OR WAIT null SECS
LeanTaaS banked on predictive analytics and machine learning in the financing round.
The mission of LeanTaaS sounds simple enough: cut healthcare wait times, improve operations, and increase patient access. Yet the Silicon Valley start-up’s technologies are anything but.
It uses predictive analytics, machine learning, and the cloud to combat these problems, which have long plagued healthcare. So far, the solutions seem to be making its hospital customers happy. And that, in turn, is making investors friendly.
LeanTaaS announced yesterday a $26 million investment from Insight Venture Partners, a global capital and private equity firm headquartered in New York City. The windfall came during the Series B financing round, according to LeanTaaS.
“Healthcare is a difficult space in which to bring about radical change,” Jeff Horing, co-founder and managing director of Insight Venture Partners, said in a statement. “We are impressed by the quality of deep customer partnerships, the product portfolio, and the team that LeanTaaS has assembled.”
Founded in 2010, the company has seen a few big paydays, but none has come close to the latest injection of capital. In summer 2016, LeanTaaS raised nearly $9 million. That came on the heels of a $3 million investment led by Sedgwick Claims Management Services the prior fall. It began with $750,000 in its coffers, according to the start-up tracker CrunchBase.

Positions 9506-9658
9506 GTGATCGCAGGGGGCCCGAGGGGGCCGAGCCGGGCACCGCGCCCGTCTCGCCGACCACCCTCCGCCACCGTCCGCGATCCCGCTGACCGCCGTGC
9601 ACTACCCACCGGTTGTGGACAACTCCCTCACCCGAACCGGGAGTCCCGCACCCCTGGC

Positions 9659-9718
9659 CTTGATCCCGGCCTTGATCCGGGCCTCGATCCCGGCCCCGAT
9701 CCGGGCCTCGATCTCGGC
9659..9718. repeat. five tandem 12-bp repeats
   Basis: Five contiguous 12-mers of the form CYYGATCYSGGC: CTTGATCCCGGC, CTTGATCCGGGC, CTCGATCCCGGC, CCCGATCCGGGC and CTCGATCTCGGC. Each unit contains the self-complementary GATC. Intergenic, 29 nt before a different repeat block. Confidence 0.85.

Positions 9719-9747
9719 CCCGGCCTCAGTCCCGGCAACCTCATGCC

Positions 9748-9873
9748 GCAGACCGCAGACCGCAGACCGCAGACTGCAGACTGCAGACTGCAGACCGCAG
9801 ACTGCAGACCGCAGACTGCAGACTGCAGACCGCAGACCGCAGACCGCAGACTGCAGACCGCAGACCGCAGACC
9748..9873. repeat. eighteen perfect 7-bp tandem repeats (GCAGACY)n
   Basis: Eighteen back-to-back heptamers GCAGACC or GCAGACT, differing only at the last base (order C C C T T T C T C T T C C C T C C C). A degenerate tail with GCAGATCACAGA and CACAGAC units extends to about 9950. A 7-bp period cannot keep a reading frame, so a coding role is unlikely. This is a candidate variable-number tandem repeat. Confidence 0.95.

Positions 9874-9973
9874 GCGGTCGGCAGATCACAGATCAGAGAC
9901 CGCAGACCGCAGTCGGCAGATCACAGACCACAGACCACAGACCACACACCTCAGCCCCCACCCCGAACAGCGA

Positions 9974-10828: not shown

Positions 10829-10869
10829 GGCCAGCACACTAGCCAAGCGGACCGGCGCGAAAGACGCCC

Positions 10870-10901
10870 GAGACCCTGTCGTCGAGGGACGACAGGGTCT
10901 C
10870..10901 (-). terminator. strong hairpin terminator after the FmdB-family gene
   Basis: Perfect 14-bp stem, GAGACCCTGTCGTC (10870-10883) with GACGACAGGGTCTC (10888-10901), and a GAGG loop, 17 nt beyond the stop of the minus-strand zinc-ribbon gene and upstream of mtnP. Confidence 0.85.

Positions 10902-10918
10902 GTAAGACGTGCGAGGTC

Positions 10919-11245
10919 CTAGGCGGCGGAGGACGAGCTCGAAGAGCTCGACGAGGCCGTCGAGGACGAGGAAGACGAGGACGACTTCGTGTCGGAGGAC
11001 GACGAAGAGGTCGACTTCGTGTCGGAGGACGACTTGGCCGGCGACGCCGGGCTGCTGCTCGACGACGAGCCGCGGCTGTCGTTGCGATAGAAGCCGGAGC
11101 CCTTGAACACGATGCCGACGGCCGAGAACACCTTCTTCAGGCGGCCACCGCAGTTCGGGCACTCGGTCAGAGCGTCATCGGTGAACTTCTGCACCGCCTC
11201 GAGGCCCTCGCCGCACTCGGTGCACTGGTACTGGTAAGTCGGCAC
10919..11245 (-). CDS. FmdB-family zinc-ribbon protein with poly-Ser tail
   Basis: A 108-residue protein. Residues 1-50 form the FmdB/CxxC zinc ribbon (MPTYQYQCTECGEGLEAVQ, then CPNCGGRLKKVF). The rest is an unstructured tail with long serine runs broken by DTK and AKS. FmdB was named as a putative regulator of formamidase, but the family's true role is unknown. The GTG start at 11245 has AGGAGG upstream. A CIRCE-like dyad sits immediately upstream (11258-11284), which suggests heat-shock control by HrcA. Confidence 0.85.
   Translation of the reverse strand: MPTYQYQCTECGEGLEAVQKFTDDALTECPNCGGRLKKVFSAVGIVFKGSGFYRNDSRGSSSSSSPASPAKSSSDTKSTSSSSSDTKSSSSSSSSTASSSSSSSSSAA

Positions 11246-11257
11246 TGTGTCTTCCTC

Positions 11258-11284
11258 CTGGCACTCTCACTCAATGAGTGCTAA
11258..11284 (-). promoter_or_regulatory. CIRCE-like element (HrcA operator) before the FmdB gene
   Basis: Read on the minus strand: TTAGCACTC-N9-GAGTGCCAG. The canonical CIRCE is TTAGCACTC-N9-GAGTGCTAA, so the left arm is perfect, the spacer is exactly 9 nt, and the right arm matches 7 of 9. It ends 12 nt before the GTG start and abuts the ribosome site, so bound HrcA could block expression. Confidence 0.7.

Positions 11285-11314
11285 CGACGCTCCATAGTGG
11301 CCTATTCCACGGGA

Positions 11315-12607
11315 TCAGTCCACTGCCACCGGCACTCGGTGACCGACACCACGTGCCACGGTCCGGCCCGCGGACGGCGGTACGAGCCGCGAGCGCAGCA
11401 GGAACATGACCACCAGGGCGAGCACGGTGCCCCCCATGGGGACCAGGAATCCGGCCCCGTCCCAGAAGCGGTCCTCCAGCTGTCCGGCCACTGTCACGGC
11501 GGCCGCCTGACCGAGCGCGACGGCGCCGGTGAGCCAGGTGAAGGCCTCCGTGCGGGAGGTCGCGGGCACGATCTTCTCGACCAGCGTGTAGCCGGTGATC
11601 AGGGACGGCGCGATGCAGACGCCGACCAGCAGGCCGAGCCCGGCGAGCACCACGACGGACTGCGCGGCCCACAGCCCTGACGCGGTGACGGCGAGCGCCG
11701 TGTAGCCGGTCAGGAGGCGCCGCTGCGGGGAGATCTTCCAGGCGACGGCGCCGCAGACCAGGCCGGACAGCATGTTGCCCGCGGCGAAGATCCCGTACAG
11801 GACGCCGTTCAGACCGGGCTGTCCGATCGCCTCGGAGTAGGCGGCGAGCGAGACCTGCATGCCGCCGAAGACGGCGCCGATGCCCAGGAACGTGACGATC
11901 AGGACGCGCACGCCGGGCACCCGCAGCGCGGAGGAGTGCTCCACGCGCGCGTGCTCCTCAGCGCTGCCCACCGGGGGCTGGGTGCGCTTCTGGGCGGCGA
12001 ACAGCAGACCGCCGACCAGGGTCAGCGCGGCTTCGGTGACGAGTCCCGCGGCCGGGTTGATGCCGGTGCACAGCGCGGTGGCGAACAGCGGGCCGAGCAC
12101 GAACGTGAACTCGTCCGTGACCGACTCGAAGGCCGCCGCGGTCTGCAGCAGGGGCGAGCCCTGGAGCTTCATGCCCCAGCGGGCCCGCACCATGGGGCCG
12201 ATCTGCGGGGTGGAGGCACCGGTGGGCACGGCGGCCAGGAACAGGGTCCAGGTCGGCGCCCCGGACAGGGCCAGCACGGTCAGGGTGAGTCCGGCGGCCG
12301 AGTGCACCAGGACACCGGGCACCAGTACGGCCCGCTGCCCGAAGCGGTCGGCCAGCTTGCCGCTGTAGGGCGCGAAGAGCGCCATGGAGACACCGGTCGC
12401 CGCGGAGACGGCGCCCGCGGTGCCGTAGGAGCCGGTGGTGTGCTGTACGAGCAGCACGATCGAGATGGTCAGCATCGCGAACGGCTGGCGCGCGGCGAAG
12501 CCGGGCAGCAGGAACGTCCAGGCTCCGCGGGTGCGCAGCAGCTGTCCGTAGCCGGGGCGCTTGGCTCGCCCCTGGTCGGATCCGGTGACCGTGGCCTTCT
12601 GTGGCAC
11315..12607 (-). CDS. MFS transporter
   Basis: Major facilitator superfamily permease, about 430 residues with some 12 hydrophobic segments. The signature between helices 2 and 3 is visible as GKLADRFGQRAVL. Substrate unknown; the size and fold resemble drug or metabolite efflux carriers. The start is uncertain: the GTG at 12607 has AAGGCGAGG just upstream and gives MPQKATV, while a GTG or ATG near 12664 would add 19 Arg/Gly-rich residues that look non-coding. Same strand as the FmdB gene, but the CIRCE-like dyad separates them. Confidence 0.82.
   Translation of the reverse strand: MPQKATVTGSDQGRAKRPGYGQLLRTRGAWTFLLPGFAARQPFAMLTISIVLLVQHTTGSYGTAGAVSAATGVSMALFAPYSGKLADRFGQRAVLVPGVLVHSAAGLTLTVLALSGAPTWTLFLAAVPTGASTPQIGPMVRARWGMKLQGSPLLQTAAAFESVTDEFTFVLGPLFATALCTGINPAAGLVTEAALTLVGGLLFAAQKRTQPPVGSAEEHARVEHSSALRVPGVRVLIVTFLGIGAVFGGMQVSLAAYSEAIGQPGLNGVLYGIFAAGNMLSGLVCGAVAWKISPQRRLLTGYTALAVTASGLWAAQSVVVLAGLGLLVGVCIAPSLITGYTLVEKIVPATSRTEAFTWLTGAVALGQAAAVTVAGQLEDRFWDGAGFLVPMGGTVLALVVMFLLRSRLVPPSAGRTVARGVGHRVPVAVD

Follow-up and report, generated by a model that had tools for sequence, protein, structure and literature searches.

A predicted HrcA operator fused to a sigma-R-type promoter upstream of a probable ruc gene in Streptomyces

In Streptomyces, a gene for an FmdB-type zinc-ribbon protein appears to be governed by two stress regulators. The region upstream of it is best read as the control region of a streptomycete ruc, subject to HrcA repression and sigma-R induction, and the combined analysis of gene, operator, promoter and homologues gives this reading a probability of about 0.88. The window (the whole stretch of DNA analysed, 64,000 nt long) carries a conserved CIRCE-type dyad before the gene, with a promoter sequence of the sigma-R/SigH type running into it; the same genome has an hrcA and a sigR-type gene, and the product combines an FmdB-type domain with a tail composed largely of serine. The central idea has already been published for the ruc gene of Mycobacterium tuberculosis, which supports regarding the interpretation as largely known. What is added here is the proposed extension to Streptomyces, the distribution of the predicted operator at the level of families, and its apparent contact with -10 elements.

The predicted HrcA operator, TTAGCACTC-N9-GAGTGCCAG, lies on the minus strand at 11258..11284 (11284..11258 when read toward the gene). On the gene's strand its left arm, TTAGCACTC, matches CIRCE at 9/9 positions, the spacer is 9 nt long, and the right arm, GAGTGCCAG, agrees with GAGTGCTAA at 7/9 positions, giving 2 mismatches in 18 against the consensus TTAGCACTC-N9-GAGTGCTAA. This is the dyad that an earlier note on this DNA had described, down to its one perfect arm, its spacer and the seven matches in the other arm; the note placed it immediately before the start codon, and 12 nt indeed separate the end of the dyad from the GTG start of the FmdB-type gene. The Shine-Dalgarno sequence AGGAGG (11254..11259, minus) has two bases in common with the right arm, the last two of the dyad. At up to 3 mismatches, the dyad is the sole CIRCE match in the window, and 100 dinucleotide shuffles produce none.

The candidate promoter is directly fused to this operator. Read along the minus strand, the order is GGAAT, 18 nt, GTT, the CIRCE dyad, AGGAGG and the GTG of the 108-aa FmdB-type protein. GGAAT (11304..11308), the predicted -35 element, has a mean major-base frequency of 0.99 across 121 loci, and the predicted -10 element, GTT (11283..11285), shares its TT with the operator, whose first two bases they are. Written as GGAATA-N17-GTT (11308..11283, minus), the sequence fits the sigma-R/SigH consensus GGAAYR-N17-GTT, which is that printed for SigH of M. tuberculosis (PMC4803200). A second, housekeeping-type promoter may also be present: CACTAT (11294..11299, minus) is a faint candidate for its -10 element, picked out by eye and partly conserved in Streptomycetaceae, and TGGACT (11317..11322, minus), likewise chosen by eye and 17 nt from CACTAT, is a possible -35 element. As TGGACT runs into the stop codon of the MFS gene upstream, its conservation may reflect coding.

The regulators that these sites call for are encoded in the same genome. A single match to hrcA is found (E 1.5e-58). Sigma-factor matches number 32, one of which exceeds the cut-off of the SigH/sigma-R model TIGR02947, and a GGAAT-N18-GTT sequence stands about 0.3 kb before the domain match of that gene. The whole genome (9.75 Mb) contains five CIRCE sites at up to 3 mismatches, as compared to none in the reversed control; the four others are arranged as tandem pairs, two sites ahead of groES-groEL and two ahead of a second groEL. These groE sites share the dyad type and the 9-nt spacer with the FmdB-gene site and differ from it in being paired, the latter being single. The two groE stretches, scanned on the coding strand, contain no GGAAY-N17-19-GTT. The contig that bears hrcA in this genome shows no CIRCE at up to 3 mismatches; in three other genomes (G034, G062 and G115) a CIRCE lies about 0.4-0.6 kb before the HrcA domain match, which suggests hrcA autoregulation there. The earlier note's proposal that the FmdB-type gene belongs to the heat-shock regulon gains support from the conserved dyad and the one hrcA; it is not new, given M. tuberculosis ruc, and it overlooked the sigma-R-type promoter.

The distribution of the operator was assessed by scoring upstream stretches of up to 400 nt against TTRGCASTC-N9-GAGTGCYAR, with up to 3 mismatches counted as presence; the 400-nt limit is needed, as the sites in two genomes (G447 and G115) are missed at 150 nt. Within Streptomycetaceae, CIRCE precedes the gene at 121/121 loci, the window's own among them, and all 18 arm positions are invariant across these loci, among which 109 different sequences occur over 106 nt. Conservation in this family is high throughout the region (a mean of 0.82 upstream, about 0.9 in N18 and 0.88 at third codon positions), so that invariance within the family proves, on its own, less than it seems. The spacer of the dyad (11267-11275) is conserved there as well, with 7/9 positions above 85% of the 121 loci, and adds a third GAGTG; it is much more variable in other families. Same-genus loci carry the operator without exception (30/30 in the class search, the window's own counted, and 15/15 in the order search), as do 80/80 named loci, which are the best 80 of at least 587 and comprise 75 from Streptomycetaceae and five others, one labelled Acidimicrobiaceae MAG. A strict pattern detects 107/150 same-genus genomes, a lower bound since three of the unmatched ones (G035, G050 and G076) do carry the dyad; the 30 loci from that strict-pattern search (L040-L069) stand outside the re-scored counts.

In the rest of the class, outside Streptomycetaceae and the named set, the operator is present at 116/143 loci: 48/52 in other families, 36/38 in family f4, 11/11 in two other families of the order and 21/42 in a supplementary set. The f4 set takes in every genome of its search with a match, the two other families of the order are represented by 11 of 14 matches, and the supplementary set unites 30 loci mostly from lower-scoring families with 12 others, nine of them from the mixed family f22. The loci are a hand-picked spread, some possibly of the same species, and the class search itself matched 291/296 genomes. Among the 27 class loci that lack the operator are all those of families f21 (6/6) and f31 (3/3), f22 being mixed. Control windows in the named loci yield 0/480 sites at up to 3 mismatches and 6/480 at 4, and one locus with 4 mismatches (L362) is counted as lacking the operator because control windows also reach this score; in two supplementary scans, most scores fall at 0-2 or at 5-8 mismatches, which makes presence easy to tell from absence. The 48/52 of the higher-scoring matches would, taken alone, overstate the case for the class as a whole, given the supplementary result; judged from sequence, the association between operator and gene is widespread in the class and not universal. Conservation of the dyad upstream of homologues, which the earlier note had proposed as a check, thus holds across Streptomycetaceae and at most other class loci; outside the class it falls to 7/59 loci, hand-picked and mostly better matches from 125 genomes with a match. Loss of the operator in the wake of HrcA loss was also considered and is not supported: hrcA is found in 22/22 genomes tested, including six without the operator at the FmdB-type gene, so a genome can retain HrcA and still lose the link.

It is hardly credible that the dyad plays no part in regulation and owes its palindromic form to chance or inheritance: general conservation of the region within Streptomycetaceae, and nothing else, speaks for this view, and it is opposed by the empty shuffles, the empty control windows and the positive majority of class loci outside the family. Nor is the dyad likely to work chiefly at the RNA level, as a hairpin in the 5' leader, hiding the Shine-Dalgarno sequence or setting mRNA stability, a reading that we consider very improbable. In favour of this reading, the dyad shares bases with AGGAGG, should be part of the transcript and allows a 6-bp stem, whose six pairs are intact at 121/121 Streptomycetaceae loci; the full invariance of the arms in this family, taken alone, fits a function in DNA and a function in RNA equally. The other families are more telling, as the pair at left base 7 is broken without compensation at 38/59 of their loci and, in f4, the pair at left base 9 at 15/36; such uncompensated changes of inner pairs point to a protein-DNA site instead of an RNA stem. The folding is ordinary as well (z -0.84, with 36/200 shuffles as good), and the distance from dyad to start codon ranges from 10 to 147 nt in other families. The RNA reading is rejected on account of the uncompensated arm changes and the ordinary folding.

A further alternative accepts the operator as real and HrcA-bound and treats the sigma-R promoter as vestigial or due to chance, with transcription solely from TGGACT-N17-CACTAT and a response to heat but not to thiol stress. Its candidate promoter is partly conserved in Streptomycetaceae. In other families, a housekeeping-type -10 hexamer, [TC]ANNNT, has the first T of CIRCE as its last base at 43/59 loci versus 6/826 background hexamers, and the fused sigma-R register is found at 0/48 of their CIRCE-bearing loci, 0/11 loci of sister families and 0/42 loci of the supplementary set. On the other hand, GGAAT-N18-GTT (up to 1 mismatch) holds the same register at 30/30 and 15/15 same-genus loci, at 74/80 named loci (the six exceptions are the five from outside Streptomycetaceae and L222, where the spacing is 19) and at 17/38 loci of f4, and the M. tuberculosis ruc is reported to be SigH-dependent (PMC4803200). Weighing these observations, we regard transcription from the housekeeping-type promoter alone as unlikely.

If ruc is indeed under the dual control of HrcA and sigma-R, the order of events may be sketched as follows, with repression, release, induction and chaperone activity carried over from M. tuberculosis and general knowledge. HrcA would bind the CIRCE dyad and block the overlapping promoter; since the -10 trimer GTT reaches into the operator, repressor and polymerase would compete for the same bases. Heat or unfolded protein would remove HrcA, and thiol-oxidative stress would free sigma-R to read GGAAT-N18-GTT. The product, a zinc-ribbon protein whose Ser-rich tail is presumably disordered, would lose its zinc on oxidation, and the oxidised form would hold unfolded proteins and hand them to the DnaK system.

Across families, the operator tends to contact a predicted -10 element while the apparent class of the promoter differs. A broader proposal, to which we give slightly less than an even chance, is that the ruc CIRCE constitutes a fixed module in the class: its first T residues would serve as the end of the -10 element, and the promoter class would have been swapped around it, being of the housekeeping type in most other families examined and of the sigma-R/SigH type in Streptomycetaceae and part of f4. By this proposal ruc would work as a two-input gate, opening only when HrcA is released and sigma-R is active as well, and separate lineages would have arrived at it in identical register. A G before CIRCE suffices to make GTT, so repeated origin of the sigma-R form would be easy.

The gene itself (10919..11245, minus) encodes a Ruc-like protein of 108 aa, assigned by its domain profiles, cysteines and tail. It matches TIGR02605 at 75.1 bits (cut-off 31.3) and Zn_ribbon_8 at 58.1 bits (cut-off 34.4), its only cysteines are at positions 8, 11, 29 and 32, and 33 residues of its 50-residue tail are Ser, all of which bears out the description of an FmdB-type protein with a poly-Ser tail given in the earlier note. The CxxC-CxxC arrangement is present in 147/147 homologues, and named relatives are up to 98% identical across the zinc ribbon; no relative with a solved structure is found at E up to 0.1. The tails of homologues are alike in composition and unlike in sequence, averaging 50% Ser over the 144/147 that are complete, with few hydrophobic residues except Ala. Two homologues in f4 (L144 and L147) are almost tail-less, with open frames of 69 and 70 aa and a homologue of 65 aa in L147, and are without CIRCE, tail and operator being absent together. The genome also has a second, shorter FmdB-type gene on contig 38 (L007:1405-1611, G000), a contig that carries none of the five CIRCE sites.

As Horing noted, the up-and-comer has struck a number of partnerships. More than 40 of the country’s “leading hospitals and infusion centers” use LeanTaaS software, according to the company.
The results, it seems, are strong. Its customers have seen wait times for appointments and surgeries drop by as much as 50%. Patient access has climbed by up to 30%. Higher revenues and curtailed costs have helped boost performance by 20%, according to LeanTaaS.
How? LeanTaaS uses “advanced data science and mathematics” to help healthcare organizations fix “fundamentally flawed” formulae used to schedule patient appointments, the start-up said. That has freed up expensive equipment and beds from being used too little or too often on a given day, it claimed.
LeanTaaS does that with algorithms, enabling institutions to optimize their practices and even hold off on spending more money on extra staff, equipment, and facilities. The idea is all about going lean and smart—and scaling predictive analytics and software to meet the needs of various organizations, according to the company.
“This investment from Insight Venture Partners is a strong validation of our approach and will enable us to dramatically accelerate our growth over the coming years,” LeanTaaS’s founder and CEO, Mohan Giridharadas, said in a statement.
The executive plans to use the money to fuel the iQueue platform, a cloud-based service that works with electronic health records in infusion centers and operating rooms. In the spring, the company launched iQueue Labs, which aims to develop solutions develop solutions for diagnostic imaging departments, pharmacies, inpatient beds, emergency departments, and labs, according to LeanTaaS.